Mention should be made also of the attempt by Dewdney and Horton Dewdney to build a relativistically invariant model based on particle trajectories. Let us come back to the relativistic DRP. Some important changes have occurred quite recently. Tumulka a succeeded in proposing a relativistic version of the GRW theory for N non-interacting distinguishable particles, based on the consideration of a multi-time wavefunction whose evolution is governed by Dirac like equations and adopts as its Primitive Ontology see the next section the one which attaches a primary role to the space and time points at which spontaneous localizations occur, as originally suggested by Bell To my knowledge this represents the first proposal of a relativistic dynamical reduction mechanism which satisfies all relativistic requirements.
In particular it is divergence free and foliation independent. However it can deal only with systems containing a fixed number of noninteracting fermions. At this point explicit mention should be made of the most recent steps which concern our problem. Bedingham following strictly the original proposal by Pearle of a quantum field theory inducing reductions based on a Tomonaga-Schwinger equation, has worked out an analogous model which, however, overcomes the difficulties of the original model. In fact, Bedingham has circumvented the crucial problems deriving from point interactions by paying the price of introducing, besides the fields characterizing the Quantum Field Theories he is interested in, an auxiliary relativistic field that amounts to a smearing of the interactions whilst preserving Lorentz invariance and frame independence.
It has also to be mentioned that, taking once more advantage of the ideas of the paper by Ghirardi , various of the just quoted authors see Bedingham et al. In view of these results and taking into account the interesting investigations concerning relativistic Bohmian-like theories,the conclusions that Tumulka has drawn concerning the status of attempts to account for the macro-objectification process from a relativistic perspective are well-founded:. Very recently, a thorough and illuminating discussion of the important approach by Tumulka has been presented by Tim Maudlin in the third revised edition of his book Quantum Non-Locality and Relativity.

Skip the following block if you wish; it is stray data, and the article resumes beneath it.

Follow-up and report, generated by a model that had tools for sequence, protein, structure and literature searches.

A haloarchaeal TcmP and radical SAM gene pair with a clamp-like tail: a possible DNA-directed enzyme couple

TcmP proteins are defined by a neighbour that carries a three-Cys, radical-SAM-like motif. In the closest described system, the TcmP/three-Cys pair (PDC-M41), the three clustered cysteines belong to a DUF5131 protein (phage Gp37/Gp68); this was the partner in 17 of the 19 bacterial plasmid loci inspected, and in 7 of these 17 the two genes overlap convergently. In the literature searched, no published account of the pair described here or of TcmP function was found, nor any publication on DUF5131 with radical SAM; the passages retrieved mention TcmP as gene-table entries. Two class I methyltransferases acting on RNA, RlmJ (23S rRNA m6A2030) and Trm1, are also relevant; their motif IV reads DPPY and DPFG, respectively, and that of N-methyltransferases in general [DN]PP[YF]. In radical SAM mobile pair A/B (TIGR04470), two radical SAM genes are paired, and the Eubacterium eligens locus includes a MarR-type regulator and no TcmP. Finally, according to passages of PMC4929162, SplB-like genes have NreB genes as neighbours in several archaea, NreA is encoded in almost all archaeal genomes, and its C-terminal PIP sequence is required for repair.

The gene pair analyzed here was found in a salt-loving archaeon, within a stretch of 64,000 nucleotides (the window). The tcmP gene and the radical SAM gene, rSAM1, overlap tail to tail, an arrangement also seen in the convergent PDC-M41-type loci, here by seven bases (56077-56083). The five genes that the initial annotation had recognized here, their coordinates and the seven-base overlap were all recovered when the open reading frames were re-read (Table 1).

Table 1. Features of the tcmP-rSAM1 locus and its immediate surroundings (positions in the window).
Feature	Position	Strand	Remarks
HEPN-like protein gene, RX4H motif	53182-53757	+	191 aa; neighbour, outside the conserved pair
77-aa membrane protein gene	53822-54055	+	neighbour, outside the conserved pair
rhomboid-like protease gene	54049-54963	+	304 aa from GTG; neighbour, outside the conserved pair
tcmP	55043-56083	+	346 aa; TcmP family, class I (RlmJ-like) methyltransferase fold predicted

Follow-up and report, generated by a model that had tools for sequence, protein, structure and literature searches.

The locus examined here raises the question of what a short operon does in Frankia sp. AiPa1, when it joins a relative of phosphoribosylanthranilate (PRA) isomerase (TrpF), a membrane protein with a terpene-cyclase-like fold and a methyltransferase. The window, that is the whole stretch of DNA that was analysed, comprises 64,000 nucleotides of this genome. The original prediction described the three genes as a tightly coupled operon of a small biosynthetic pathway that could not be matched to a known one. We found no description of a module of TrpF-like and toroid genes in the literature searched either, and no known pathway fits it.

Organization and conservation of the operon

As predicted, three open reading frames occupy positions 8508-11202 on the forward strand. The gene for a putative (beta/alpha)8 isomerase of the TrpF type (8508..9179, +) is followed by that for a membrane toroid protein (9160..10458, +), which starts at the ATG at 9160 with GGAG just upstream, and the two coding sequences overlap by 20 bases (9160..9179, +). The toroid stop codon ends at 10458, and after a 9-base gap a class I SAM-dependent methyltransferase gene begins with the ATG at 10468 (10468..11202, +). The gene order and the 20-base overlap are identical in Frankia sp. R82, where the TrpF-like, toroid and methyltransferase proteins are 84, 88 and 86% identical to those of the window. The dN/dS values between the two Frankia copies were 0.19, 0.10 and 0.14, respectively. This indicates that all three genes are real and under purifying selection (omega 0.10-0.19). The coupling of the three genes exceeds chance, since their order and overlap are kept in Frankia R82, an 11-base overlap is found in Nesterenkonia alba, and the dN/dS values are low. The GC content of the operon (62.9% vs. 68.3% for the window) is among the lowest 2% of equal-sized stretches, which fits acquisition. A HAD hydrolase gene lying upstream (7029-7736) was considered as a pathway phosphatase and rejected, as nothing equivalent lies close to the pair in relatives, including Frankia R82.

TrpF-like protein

Since the only unified, mathematically precise and formally consistent formulations of the quantum description of natural processes are Bohmian mechanics and GRW-like theories, if one chooses the first alternative one has to accept the existence of a preferred reference frame, while in the second case one is not led to such a drastic change of position with respect to relativistic concepts but must accept that the ensuing theory disagrees with the predictions of quantum mechanics and acquires the status of a rival theory with respect to it. In spite of the fact that the situation is, to some extent, still open and requires further investigations, it has to be recognized that the efforts which have been spent on such a program have made possible a better understanding of some crucial points and have thrown light on some important conceptual issues.
First, they have led to a completely general and rigorous formulation of the concept of stochastic invariance. Second, they have prompted a critical reconsideration, based on the discussion of smeared observables with compact support, of the problem of locality at the individual level.